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The Journal Gazette

  • Associated Press Adam Scott putts on the first green during a practice round Wednesday for the U.S. Open in Southampton, N.Y. After last year's record-setting tournament, many wonder if the USGA has made tweaks to ensure higher scores.

Thursday, June 14, 2018 1:00 am

US Open

Players: USGA got course right

Questions after record low scores in 2017

DOUG FERGUSON | Associated Press

At a glance

What: 118th championship

When: Today-Sunday

Where: Shinnecock Hills Golf Club

Length: 7,445 yards

Par: 70 (35-35)

Cut: Top 60 players and ties

Playoff (if necessary): Two-hole aggregate immediately after 72 holes are completed

Field: 156 players

Purse: $12 million; winner's share: $2.16 million

Defending champ: Brooks Koepka

TV: Today-Friday, 11 a.m.-6 p.m. (FS1), 6-9 p.m. (Fox); Saturday, 11 a.m.-8 p.m. (Fox); Sunday, 11 a.m.-8:30 p.m. (Fox)

SOUTHAMPTON, N.Y. – The U.S. Open wants to be the ultimate test in golf, and sometimes that leads to a series of trick questions.

One of them was 14 years ago at Shinnecock Hills.

A year after Jim Furyk tied the U.S. Open scoring record at Olympia Fields, the 2004 U.S. Open was so bone dry and lightning fast that only three players broke par on the weekend, none on Sunday. Fans having to move to the side because of a golf ball rolling toward them is not unusual, except when the player hit the shot with his putter from the green. Tee shots that landed on the seventh green rolled off the putting surface and into a bunker.

One year after Rory McIlroy broke the U.S. Open scoring record at Congressional, no one broke par at Olympic Club in 2012 when Webb Simpson won.

Moments like this lead to criticism that the USGA overreacts. Justin Rose sees it another way.

“When everything is in balance, it's kind of boring,” he said. “And I think in life, the closer you get to the edges, that's where the excitement is. So I would say the USGA is not reactionary. It's counterbalancing. So if you go too far one way, you've got to come back the other way. You don't want to fall off the edge.”

That's the question going into the 118th U.S. Open that starts today.

Might the USGA lean toward going easy on players because of what happened the last time at Shinnecock Hills? Or will it make it tougher on them because of the record scoring last year at Erin Hills when Brooks Koepka tied the record to par at 16 under, and six others finished at 10 under or lower.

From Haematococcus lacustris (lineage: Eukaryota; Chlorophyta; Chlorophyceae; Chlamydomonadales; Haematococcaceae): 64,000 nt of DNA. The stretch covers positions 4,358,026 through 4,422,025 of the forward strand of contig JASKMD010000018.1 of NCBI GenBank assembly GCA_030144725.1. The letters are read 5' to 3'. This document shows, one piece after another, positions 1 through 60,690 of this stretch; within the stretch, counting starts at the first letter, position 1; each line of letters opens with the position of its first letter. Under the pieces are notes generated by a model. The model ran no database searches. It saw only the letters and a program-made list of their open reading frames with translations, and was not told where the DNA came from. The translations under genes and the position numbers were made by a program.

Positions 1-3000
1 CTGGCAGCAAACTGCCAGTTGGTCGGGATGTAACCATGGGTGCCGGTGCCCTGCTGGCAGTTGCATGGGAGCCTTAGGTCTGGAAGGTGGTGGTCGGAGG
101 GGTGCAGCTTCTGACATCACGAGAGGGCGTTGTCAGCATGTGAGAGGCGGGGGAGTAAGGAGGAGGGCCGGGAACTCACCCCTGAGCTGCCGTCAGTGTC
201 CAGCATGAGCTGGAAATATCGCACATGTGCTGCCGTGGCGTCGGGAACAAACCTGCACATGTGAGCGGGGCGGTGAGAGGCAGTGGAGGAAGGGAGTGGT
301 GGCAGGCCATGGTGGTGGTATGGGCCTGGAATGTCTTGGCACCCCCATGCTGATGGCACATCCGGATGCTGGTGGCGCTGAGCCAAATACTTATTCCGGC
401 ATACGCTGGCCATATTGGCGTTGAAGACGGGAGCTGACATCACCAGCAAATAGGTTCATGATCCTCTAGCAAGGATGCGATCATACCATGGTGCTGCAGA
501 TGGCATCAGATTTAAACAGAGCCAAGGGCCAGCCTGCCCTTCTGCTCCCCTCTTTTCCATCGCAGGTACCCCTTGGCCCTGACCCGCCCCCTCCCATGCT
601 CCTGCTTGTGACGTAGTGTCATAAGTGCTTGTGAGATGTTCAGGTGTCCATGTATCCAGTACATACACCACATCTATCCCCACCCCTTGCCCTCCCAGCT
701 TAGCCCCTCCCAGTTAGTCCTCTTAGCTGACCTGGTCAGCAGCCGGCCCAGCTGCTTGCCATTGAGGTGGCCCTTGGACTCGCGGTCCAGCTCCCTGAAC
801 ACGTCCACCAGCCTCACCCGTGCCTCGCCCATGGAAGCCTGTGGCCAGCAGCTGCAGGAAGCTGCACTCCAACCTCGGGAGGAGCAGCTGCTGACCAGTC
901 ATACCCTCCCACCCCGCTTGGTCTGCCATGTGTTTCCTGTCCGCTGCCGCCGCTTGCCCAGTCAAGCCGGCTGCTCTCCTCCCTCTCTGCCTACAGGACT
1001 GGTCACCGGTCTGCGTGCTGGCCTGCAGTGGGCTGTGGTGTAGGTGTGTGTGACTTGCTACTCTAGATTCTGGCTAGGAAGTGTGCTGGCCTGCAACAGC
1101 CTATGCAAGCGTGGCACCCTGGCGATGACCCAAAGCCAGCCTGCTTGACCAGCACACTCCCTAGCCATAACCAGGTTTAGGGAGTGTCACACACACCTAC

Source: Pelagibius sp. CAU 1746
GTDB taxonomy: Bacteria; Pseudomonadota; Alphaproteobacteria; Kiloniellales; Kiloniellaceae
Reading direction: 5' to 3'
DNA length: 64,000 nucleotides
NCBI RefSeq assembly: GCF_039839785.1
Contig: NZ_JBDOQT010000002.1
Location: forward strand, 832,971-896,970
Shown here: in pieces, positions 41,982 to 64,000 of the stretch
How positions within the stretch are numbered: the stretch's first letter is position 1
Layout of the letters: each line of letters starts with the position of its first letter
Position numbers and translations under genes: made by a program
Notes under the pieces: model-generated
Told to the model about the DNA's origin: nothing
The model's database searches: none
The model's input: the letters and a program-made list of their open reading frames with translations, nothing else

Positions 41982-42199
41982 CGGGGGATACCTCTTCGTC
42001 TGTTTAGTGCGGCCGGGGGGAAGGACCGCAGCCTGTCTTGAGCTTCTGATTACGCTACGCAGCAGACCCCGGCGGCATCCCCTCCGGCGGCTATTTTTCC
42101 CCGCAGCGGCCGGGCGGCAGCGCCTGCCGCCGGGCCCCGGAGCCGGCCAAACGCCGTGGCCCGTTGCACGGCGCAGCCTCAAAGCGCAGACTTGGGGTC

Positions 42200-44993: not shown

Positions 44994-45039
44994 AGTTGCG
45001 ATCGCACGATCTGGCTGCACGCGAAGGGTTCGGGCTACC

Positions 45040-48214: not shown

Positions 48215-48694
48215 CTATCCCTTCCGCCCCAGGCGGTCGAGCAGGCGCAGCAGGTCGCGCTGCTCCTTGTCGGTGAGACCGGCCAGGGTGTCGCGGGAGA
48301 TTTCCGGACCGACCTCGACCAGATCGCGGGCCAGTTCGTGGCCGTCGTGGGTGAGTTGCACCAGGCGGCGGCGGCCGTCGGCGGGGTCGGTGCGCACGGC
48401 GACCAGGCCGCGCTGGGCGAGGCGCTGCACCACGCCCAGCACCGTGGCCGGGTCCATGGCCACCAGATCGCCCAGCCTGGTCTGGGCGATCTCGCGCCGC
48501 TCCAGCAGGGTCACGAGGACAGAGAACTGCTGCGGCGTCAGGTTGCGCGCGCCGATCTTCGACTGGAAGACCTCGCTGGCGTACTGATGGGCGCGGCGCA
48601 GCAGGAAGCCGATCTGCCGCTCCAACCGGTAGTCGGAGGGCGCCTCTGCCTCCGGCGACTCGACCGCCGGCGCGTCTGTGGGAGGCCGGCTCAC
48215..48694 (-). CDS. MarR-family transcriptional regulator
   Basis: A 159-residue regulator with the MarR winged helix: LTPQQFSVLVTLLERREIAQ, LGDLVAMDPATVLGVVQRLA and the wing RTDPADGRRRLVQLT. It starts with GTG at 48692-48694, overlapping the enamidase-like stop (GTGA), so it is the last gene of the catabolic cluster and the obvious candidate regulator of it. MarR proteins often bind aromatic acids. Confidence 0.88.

“We're confident this should be a marvelous test,” said Mike Davis, the chief executive of the USGA who has set up the courses for the U.S. Open since 2006.

Davis believes Shinnecock Hills is right where the USGA wants it, even with a light, steady rain on the final day of practice. Wednesday is never the measure of how a golf course presents itself.

McIlroy is among those who likes what he sees. It's not a U.S. Open if players are not complaining, but it's been a quiet three days ahead of competition. The biggest question is whether the fairways are narrow enough.

They are tighter than last year at Erin Hills, for sure, and an average of 15 yards wider than in 2004.

“Honestly, I think they've got it right,” McIlroy said. “It presents guys with options off the tee. You have to make a decision basically on every tee box what you're going to do. I'm obviously not that old, but when I watched U.S. Opens on TV and saw these long, narrow corridors of fairways and thick rough, that's what I was used to at a U.S. Open. ... If you look at the venues that are coming up, they're very traditional venues like Oakmont, Winged Foot, Pebble Beach.

“Maybe you'll see more of what we perceive as a traditional U.S. Open setup.”

Rain was expected to yield to plenty of sun over the next four days, with the strongest wind today. Davis said he already has called several audibles on the original plan of where to put the pins on the greens, an example of the USGA not wanting the course to get on the wild side. Davis also said the winning score is not an issue at a major where par tends to be at a premium.

“Never since I've been at the USGA – and it's been almost 30 years – I've never heard anybody at the USGA say we're shooting for even par,” Davis said. “But we talk incessantly, 'How do we get the course to be really a great test of golf?' As we say, get all 14 clubs dirty to make sure that these players are tested to the nth degree.”

And what makes a good championship inside the ropes? The quality of the winner? Different players have won the last 15 U.S. Opens, the longest stretch of the four majors. The margin? The last playoff was 10 years ago when Tiger Woods won at Torrey Pines. Three of the last four U.S. Opens have been decided by three shots or more.

“You need some great players in the mix,” Rose said. “You need some great storylines.”

This U.S. Open is not lacking for either. Five players have a chance to replace Dustin Johnson at No. 1 in the world this week. Woods is hitting the ball well enough to win any week if he ever gets all parts of his game working together. To win a record-tying fourth U.S. Open would cap off an unlikely comeback following four back surgeries. Phil Mickelson, in the USGA record book with his six runner-up finishes, needs only this trophy to complete the career Grand Slam.

“And then just a good test of golf where people think, 'Wow, they've really stepped up and played great golf under pressure,'” Rose added. “I think that's what people would like to see in this tournament is that guys are tested to the ends of the ability, to whether they can cope or not. And I think that's part of the charm; ... not charm, but part of the allure of this tournament.”

The test starts today. Results won't be available until the end of the week.